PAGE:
Eventually, we all buckled up and headed to my uncle’s house in Rockford. 45 minutes seemed to take forever getting down there. But when we got there, it took the same amount of time to unload the Jeep.
All the presents would go to the living room, where my uncle’s tree stood. It was 8 feet tall, artificial white with over 200 blue lights and an equal number of bird ornaments on the branches. The room was always dimly lit, so the tree would glow.
My aunt’s Italian and Polish heritage has the custom of the seven fishes on Christmas Eve. At seven, it was a strange custom, since we only had fried fish at Tibbie’s restaurant, so all the different fishes and preparations were not what we were used to. But at seven, is when we had scalloped clams for the first time. They were served on clam shells with seafood forks, lemon wedges and hot sauce. I wanted a second clam, but they were the first course…
After dinner and desert, when the cookies are left out well after the coffee pot is empty, we’d all migrate back to the living room. My sister, my cousins and I would stake out our places. Garth, my younger cousin, handed out the presents. My place was by the carpeted stairs, where my cousins and I use to race each other by sliding down them…not to mention get yelled at.
That Christmas, after all the presents were opened, we heard a knock on the window. It was Santa! My cousin Garth bolted from the living room to his bed. My sister bolted to the kitchen and I bolted upstairs until Santa left. My other cousin had no idea what happened…she was in the bathroom the whole time.
We did make it home, albeit around 11:30p. Our presents from Santa were waiting for us. All were merry and bright…
My grandma Frances died over 20 years ago. I still miss her sitting on the red velvet chair in the living room with her lap afghan around her legs. My uncle died 6 years ago September, of a sudden heart attack. Christmas hasn’t been the same without them. My aunt continues the Christmas Eve traditions, but she didn’t have my uncle’s entertaining flair. The Christmas tree still stands, but it’s not as majestic as it once was. All the cousins aren’t as close as we once were, now that we’ve all gone our separate ways and they all have spouses and kids of their own, while I’m the family eccentric because I’m without both. I figured out who Santa was when the note was left with my presents the next Christmas. It was the same type used on my Mom’s typewriter. She was bummed to realize I figured it out, but she saved money buying extra presents.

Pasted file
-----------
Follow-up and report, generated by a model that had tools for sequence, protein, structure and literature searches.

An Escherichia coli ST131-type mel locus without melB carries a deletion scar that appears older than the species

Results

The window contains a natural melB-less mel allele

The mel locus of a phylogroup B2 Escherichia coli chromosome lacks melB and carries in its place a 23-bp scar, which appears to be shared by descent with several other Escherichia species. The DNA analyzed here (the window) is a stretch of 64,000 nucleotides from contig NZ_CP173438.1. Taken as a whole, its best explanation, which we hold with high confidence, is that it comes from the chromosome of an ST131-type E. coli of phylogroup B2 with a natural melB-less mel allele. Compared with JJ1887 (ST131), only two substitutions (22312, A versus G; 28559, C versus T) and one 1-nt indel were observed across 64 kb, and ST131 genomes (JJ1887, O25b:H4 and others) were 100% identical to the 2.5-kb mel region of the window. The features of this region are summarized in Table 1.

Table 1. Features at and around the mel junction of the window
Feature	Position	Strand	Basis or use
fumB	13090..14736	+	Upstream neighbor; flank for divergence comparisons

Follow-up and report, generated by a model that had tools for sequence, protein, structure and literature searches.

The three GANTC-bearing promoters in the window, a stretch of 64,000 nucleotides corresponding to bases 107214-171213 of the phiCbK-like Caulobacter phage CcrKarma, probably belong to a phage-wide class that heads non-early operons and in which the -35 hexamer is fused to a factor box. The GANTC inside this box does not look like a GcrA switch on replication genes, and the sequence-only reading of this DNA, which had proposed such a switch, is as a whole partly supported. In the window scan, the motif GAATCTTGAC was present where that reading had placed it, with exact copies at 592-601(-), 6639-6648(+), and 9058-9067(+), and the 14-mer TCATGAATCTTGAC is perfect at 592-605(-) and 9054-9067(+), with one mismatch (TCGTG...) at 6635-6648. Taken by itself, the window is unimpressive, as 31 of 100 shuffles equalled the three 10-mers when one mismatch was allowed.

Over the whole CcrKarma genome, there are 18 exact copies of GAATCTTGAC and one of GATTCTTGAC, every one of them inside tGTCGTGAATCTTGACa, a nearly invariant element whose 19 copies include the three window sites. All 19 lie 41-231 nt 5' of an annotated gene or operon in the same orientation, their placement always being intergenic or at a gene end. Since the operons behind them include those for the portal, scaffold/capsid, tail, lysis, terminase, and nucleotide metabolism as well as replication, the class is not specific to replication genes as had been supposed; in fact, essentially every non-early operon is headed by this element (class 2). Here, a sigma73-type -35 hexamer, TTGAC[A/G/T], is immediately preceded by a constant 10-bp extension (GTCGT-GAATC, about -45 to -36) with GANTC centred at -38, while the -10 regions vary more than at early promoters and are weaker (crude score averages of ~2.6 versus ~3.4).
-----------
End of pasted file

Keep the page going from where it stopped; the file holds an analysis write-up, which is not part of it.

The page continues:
As for me, I’m secretly hoping I never get to the point where I’m given the infamous soap-on-a-rope gift sets for all sorts of god awful cheap men’s cologne. I’d rather smell Tim McGraw than smell like his cologne. I’ve watched my nephews and niece, then my cousin’s kids all carry on the same excitement we cousins had when we were their age. The gifts become less materialistic and more carrying on the traditions and dreams of wonder and excitement. But every once in a while…
This year for Christmas, could I relive what being 7 years old was like all over again? Could I be with my grandma and my uncle one more time? Could I look forward to your visit on Christmas Eve with the hopes of getting presents from you for being good…or at least trying hard to be good? If I can’t actually relive it, could you make incredibly real when I imagine it?
I’ve been very good this year. I haven’t touched a cigarette in 15 years. Thanks to citalopram, I don’t drink. And I hardly drop the F-bomb anymore.
Thanks, and Merry Christmas!